Smite (Min. Priest Spells skill 4, Costs 6 spell energy) - Fires a powerful bolt of ice at
one of your foes, doing cold damage. As you gain more skill with this spell, the bolt will
do more damage.
Effect: Does 8 damage plus 1-4 points per point of spell strength.
Summon Shade (Min. Priest Spells skill 5, Costs 10 spell energy) - Summons a shade to
fight for you. It will disappear after helping you for a while. As you gain more skill with
this spell, it will summon stronger shades who help you for longer.
Enduring Shield (Min. Priest Spells skill 6, Costs 15 spell energy) - Covers the target
with a magical shield, lowering a foe’s chance of landing a blow. At higher skill,
provides more protection for longer. Lasts a long time, but fades when you return to town
or rest in an inn.
Unshackle Mind (Min. Priest Spells skill 6, Costs 10 spell energy) - This spell can cure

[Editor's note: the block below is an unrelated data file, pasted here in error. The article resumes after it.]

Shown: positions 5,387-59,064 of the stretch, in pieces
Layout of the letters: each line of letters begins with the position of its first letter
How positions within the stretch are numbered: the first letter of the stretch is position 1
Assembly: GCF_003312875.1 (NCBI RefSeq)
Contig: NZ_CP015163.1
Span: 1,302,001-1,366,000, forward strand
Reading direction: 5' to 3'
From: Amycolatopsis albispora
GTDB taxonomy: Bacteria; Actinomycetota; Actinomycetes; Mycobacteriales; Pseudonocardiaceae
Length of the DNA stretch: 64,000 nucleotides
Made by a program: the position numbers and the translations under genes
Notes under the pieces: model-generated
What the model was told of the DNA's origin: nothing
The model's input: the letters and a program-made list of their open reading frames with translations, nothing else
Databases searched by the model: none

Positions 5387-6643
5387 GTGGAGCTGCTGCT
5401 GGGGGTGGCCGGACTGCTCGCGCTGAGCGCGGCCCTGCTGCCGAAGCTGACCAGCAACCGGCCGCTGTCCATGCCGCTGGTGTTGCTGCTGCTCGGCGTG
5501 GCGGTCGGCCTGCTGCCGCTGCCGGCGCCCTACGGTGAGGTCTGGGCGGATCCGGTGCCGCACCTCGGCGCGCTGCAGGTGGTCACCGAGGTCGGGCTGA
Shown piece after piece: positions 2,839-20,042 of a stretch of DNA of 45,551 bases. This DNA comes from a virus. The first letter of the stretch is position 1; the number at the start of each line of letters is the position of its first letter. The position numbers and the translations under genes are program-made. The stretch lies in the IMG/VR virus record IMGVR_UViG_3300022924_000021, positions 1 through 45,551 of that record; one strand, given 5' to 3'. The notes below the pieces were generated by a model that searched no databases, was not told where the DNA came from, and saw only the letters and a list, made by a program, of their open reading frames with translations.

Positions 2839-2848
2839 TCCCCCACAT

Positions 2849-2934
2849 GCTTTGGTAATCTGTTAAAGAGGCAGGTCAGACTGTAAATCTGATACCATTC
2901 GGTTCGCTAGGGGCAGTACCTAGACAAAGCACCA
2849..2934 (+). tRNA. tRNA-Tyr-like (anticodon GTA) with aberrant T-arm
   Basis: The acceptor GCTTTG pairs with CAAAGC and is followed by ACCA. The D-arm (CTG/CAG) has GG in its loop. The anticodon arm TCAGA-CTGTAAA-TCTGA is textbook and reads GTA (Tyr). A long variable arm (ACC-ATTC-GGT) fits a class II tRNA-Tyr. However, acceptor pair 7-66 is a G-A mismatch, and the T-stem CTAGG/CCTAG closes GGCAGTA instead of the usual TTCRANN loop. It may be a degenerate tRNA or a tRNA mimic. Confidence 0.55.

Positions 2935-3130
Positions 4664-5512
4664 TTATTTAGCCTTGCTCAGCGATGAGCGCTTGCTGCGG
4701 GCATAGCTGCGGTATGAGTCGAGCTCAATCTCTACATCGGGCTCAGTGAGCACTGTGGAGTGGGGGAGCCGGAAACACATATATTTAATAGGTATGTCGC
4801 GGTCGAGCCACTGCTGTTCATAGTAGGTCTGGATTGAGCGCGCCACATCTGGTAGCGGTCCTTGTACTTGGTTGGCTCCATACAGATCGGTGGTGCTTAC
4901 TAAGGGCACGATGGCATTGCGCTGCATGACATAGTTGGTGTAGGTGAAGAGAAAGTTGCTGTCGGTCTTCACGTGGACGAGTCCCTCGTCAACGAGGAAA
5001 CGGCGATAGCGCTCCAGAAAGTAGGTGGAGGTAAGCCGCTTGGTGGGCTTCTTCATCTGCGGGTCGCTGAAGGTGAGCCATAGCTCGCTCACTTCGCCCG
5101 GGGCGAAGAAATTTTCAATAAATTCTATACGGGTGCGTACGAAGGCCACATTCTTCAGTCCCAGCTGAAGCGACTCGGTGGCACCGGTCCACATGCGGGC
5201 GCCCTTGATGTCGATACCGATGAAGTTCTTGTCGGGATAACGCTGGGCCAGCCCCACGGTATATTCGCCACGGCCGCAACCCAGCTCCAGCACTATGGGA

nearby allies who have been charmed, dazed, or terrified. As you learn this spell with
greater skill, it has a higher chance of removing these effects.
Heal (Min. Priest Spells skill 7, Costs 8 spell energy) - This spell heals some of the
damage inflicted on one character. Like Minor Heal, but more effective. As you gain
more skill with this spell, more damage is healed.
Effect: Heals 12 damage plus 1-5 points per point of spell strength.
Mass Healing (Min. Priest Spells skill 8, Costs 15 spell energy) - This spell functions
exactly the same as Minor Heal, but benefits all nearby allies.
Mass Curing (Min. Priest Spells skill 8, Costs 12 spell energy) - This spell functions
exactly the same as Curing, but benefits all nearby allies.